October 23, 2012
XL Foods allowed to resume operations
By Bill Kaufmann, QMI Agency
CALGARY — The E. coli-stricken XL Food plant got the green light to resume operations Tuesday, but federal inspectors said it'll be some time before full confidence is restored.
After being shuttered Sept. 27 following the discovery of E. coli in its products three weeks before, the Canadian Food Inspection Agency's Paul Mayers said they've added two more monitors in stepped-up safety efforts at the Brooks, Alta., plant.
"The enhancement is to have confidence the food-safety controls applied by the company are consistently applied — the concern is the consistency wasn't there earlier," said Mayers, the CFIA's associate vice-president of programs.
A panel of experts will investigate how the contamination occurred and ways to prevent others, but Mayers said their concerns centre around how XL Foods' own monitors were ensuring hygiene, testing and responding to sample results.
As a result, he said, federal inspectors will be closely overseeing company inspections for an undetermined amount of time.
"Things we'd do on a weekly basis, we're doing daily," said Mayers.
Even so, he said the CFIA "can't provide an absolute guarantee that events will not occur."
The CFIA will build up that confidence before requesting U.S. officials end their de-listing of products from the Brooks plant, added Mayer.
So far, 16 people have fallen ill due to exposure to E. coli linked to the XL Foods facility.
In a statement Tuesday, federal Agriculture Minister Gerry Ritz urged the opposition to endorse the Safe Food for Canadians Act, which the feds says will strengthen the government's oversight in food plants.
“I encourage all members of Parliament to give this important act their full attention and pass it expeditiously," he said.
Staff will undergo training this week with an eye to resuming processing operations on Monday, said Doug O'Halloran, president of United Food and Commercial Workers Local 401.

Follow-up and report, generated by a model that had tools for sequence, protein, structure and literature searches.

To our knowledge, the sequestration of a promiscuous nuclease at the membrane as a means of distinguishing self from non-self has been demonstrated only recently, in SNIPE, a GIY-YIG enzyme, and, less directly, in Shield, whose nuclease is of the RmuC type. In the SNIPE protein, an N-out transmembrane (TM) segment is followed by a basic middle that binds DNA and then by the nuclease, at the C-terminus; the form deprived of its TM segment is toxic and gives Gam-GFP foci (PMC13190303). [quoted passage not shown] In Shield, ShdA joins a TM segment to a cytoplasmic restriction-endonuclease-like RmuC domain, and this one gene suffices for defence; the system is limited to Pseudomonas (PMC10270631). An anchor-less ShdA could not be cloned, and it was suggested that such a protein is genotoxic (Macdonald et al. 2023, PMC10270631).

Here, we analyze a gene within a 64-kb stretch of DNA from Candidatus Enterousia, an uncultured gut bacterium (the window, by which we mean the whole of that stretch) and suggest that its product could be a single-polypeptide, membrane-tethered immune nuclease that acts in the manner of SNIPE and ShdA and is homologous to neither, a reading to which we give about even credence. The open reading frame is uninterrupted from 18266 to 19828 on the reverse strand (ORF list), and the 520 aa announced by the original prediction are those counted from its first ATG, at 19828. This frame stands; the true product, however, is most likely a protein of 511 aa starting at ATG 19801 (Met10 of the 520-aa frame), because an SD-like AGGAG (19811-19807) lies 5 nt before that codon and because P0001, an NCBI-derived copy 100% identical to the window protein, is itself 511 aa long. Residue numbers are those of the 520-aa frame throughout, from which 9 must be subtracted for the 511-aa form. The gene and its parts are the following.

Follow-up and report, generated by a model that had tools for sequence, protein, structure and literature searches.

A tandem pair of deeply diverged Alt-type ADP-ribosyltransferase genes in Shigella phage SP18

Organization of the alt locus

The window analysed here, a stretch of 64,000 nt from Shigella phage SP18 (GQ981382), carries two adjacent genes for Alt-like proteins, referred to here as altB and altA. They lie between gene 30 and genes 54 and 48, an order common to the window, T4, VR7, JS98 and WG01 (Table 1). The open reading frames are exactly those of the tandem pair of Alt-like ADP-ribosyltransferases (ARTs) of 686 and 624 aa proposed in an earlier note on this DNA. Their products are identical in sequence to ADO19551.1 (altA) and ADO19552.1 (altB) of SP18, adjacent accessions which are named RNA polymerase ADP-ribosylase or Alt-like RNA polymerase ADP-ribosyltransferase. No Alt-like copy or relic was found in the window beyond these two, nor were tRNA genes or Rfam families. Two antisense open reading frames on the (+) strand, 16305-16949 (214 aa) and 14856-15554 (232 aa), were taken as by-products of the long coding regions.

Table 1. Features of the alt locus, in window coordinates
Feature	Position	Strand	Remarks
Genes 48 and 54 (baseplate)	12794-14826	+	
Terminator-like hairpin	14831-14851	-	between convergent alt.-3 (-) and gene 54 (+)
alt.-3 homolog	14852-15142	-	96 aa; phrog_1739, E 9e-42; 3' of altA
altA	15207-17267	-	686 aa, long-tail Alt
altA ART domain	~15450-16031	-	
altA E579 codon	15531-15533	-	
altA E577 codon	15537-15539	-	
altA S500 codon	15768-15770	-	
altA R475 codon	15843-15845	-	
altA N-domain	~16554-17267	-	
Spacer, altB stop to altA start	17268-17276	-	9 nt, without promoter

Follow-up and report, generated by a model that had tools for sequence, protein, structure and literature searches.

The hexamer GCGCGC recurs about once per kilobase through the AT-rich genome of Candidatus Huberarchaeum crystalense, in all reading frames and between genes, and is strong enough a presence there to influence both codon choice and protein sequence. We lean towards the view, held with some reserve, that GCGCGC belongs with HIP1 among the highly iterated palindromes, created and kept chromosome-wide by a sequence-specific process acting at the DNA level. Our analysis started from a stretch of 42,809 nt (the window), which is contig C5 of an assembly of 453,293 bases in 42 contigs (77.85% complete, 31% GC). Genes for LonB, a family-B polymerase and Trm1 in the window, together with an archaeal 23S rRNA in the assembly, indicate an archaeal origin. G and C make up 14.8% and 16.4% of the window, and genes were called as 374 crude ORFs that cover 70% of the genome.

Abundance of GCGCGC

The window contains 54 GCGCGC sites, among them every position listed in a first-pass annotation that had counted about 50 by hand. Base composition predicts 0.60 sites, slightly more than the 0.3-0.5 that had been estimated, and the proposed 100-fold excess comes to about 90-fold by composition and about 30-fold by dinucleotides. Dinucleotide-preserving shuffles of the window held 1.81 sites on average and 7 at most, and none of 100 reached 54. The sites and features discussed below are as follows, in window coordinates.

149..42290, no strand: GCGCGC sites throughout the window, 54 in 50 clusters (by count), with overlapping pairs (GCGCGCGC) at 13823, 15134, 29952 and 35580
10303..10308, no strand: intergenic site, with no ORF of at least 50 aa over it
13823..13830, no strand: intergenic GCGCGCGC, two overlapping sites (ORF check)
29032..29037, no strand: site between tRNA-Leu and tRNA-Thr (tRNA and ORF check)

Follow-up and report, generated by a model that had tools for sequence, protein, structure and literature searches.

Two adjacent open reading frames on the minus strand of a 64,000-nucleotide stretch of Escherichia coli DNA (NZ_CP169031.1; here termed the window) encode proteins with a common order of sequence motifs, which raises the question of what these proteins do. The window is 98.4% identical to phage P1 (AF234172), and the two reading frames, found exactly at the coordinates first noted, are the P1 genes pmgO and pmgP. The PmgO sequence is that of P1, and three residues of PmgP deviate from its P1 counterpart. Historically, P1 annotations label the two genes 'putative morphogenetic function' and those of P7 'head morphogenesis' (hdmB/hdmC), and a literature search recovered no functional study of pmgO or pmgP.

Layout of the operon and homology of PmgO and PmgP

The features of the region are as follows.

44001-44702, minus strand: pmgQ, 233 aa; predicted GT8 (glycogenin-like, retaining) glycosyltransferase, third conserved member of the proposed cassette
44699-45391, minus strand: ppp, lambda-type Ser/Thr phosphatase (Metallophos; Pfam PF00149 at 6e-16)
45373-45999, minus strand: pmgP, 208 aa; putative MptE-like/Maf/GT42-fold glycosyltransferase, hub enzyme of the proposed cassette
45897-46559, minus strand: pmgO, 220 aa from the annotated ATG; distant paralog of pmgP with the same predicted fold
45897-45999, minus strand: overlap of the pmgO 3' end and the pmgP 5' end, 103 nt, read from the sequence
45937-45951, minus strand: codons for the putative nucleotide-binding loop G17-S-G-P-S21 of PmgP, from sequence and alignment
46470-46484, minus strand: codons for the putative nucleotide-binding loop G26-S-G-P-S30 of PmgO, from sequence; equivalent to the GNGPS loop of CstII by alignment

"It's pretty positive, everyone's pretty elated that paycheques are going to be coming in and that's very important when you're living paycheque to paycheque," said O'Halloran, adding all of the plant's original 2,200 workers will eventually be back on the job.
The phased-in opening of the Brooks plant is welcome news to cattle producers who have seen a backlog of livestock and increased, costlier shipments to U.S. slaughterhouses nearly double, said Dennis Laycraft, of the Canadian Cattleman's Association.
"We're encouraged. It sounds like a science-based, statistical way to do it," said Laycraft. "We're in the busiest time of year. ... For cattle producers this is where the majority of their income comes from."
He said the reputation of Alberta beef has taken a hit but added he's confident it'll be limited in scope.
Laycraft said he's hopeful new plant manager JBS USA will mean a clean slate.
"With JBS coming in, everyone's looking to turning the page," said Laycraft.
Timeline of the XL Foods E. coli contamination scare
Sept. 4: CFIA inspectors detect heightened levels of E. coli bacteria in beef trimmings from Brooks, Alta., plant.
Sept. 7: Federal inspectors require XL Foods operators to strengthen quality controls.
Sept. 16: The CFIA orders the first recalls of beef products from XL Foods facility.
Sept. 27: The Brooks plant's operating licence is suspended.
Oct. 8: The number of recalled items from Brooks plant reaches 1,800.
Oct. 12-17: CFIA tests show negative results for E. coli at XL Foods.
Oct. 13: XL Foods announces it's laying off 2,000 workers at its shuttered plant.
Pct. 17: Food processor JBS USA announces it will be taking over operations at the Brooks plant.
Oct. 19: The number of illnesses in Canada linked to the E. coli outbreak reaches 16.
Oct. 23: Plant resumes operations on a limited scale with increased federal oversight.